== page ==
Have your students apply the six steps of the scientific method
different questions. Example questions:
- Do crickets
prefer light or dark?
- Will ice
sink in water?
- Which will a nail
rust faster in? Salt water or tap water?
- Do earthworms prefer their soil moist or dry?
Use simple questions which your students will be able to solve with your help. This is just preparation for the real thing - the Science Fair project, where they get to use this tool, the scientific method, to solve their own questions.
Once your students have found some
questions, have them form hypotheses. A hypothesis for the
first example question would be "I think crickets prefer light to
dark". If you make the hypothesis the opposite of what you
expect, you will be more objective when collecting the results of
Figure out a method to prove your
hypothesis. In the example above, the class might tape a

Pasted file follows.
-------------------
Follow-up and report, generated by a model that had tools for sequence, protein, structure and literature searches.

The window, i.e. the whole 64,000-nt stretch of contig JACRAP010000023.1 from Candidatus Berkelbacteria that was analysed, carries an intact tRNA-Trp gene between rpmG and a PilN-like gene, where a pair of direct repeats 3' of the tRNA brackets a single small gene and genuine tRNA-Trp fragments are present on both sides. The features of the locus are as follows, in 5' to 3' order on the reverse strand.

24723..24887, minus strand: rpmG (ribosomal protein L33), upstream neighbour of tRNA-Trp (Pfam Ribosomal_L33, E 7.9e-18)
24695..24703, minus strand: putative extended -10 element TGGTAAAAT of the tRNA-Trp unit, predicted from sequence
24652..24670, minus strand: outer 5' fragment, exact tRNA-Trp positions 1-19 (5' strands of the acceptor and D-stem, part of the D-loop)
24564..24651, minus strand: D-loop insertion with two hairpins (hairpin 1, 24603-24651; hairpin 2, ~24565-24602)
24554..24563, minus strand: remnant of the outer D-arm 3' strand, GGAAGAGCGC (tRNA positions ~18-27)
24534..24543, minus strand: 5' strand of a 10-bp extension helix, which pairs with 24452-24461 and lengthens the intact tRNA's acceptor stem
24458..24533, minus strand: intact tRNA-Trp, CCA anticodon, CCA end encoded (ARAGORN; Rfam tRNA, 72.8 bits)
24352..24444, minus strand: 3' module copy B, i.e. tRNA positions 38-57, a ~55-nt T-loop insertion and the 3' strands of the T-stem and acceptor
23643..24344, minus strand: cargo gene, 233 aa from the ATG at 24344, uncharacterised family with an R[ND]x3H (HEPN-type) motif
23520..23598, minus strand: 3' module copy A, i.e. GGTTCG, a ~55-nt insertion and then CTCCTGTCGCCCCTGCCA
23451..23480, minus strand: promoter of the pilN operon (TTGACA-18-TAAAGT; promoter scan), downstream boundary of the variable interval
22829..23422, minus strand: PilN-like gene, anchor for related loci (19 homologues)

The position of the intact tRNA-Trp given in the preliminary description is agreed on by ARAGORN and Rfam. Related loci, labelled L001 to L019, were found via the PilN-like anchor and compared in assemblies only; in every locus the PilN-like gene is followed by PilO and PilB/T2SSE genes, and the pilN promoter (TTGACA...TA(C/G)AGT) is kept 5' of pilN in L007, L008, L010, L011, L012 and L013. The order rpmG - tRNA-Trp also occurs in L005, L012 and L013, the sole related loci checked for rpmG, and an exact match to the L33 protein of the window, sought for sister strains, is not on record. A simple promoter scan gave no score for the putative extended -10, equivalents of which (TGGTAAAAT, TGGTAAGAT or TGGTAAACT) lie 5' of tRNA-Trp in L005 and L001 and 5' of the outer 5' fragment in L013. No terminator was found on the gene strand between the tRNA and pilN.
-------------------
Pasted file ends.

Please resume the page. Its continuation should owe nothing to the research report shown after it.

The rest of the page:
cardbord wall with a doorhole for the cricket into the center of a
small box. A piece of cardboard can be taped over one side of
the box to create a dark 'room' for the cricket. Some mosquito
netting can keep the cricket inside the box. Have the
class place the box directly under a strong light for some
hours. Your students should observe the result and write it
down. Repeat the experiment with several crickets in the box
at once. Have the students write down that result.
After two or three experiments, your
students can look at the results and form a conclusion. The
conclusion should answer the question.